Turns out that Parking Day is a lot like Portland: lots of potential but riddled with roadblocks that protect the status quo.

— Catie Gould, @Citizen_Cate on Twitter.

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22 Comments
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    Devin Quince October 3, 2019 at 11:45 am

    Are these timed spots or unlimited parking? If no limit, why not park your bike there are for the day as a car would do?

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      Andrew Kreps October 3, 2019 at 2:57 pm

      I actually already do that.

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    Softrocker October 3, 2019 at 12:18 pm

    Thank you for sharing your experience. I agree that the burden should be no more onerous than parking a car (as we should be encouraging this). I assume folks at PBOT read this blog. Hopefully they will take note!

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    Amy W October 3, 2019 at 12:29 pm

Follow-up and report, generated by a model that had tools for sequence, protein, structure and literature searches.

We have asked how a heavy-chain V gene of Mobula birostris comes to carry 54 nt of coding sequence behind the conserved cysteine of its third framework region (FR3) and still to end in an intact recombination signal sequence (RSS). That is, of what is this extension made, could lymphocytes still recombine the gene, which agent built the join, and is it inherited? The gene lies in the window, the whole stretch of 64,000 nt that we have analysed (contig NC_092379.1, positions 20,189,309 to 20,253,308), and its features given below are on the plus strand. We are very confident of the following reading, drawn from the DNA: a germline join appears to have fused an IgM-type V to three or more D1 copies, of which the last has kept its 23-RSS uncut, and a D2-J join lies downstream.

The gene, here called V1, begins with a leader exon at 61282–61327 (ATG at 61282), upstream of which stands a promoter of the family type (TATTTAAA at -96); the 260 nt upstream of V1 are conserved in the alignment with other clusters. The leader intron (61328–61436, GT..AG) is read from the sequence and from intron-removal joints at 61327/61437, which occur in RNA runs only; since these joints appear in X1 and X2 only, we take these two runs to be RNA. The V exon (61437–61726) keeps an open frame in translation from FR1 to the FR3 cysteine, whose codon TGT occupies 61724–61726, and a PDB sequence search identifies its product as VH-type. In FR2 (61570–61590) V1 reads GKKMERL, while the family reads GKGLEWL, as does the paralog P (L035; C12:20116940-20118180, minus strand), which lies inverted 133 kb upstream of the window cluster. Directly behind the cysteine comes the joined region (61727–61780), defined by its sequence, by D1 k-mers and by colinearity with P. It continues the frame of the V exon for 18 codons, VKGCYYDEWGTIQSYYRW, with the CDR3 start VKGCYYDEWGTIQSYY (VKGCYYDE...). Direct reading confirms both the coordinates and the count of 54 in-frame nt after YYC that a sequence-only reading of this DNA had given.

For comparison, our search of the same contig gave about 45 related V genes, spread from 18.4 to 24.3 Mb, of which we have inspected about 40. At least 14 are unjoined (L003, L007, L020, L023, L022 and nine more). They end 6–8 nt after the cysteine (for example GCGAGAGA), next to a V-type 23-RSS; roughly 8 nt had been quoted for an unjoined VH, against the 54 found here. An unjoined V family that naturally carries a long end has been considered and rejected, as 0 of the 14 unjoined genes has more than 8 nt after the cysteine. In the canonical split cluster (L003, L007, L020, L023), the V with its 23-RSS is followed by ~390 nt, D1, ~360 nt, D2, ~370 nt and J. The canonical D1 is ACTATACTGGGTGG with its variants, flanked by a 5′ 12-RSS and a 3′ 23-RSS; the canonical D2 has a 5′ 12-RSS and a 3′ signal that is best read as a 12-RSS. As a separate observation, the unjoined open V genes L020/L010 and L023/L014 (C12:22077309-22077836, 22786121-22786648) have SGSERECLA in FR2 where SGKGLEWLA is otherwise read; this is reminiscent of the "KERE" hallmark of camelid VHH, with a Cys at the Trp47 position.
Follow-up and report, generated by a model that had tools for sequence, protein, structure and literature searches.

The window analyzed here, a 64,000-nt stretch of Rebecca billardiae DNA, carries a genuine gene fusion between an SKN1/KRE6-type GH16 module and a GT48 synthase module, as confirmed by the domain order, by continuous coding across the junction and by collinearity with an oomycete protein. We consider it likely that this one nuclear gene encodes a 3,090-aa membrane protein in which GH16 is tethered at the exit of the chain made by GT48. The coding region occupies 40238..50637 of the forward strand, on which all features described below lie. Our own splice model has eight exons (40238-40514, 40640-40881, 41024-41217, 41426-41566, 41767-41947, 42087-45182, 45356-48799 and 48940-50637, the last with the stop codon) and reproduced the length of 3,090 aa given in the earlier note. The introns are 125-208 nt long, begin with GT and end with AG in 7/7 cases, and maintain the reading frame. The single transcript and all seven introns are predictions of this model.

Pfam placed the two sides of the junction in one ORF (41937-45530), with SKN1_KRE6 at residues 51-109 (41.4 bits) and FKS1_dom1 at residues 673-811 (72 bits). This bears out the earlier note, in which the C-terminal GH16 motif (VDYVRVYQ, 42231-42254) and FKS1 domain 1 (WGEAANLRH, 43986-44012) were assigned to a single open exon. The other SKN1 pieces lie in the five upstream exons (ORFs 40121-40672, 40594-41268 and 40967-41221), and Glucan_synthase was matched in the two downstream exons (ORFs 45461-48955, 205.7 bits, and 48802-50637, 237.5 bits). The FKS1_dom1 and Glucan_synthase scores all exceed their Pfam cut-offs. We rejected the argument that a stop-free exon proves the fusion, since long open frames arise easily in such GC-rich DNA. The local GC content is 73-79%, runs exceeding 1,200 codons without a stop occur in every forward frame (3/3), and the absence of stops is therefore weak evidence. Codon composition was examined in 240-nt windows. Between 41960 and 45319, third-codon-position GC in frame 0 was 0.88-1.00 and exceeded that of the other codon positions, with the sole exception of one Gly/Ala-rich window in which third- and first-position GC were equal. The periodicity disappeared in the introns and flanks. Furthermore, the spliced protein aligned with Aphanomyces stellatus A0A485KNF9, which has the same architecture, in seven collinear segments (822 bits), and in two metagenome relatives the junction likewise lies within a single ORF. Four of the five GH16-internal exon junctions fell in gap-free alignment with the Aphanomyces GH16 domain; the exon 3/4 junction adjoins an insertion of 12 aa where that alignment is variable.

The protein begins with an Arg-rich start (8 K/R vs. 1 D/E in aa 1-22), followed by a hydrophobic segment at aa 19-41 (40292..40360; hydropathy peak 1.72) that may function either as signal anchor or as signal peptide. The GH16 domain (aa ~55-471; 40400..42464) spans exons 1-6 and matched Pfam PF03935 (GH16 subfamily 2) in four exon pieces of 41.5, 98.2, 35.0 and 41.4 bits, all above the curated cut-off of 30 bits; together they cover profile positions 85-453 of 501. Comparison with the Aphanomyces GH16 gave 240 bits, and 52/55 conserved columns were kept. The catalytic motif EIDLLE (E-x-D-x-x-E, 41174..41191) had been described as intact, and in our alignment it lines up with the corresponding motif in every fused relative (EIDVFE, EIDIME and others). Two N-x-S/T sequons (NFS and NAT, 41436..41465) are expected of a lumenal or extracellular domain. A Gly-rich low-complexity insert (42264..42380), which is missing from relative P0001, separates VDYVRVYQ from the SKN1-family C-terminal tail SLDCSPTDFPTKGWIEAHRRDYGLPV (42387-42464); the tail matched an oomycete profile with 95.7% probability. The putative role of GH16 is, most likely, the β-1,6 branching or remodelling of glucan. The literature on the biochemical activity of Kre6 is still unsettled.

All these regulations kept me from participating in parking day. I was going to try and get my employer on board but realized with trying to find cones and other regulations I would be out of luck getting them to support it

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      Block party October 3, 2019 at 9:49 pm

      Block party permits have become easier to get. I’ve always wanted to get dozens of blocks of neighbors in a loop to have block parties on the same day and make a mini Sunday parkways in one neighborhood.

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    billyjo October 3, 2019 at 1:25 pm

    I find it hilarious that you drove your car to create a protest against people driving their cars……

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      turnips October 3, 2019 at 3:10 pm

      I’m not finding where Catie indicated driving a car to this.

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        David Hampsten October 3, 2019 at 3:16 pm

        From the article:
        Height Maximum
        The maximum height PBOT allows in the front half of the parking spot is three feet. My small car, a Scion xD (visible in lead image above), measures five feet tall. Except for a convertible, I can’t imagine any car that would be able to meet this requirement. Due to this height requirement, tent canopies are banned, which makes planning for weather a bit tough during a rainy September.

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          turnips October 3, 2019 at 5:37 pm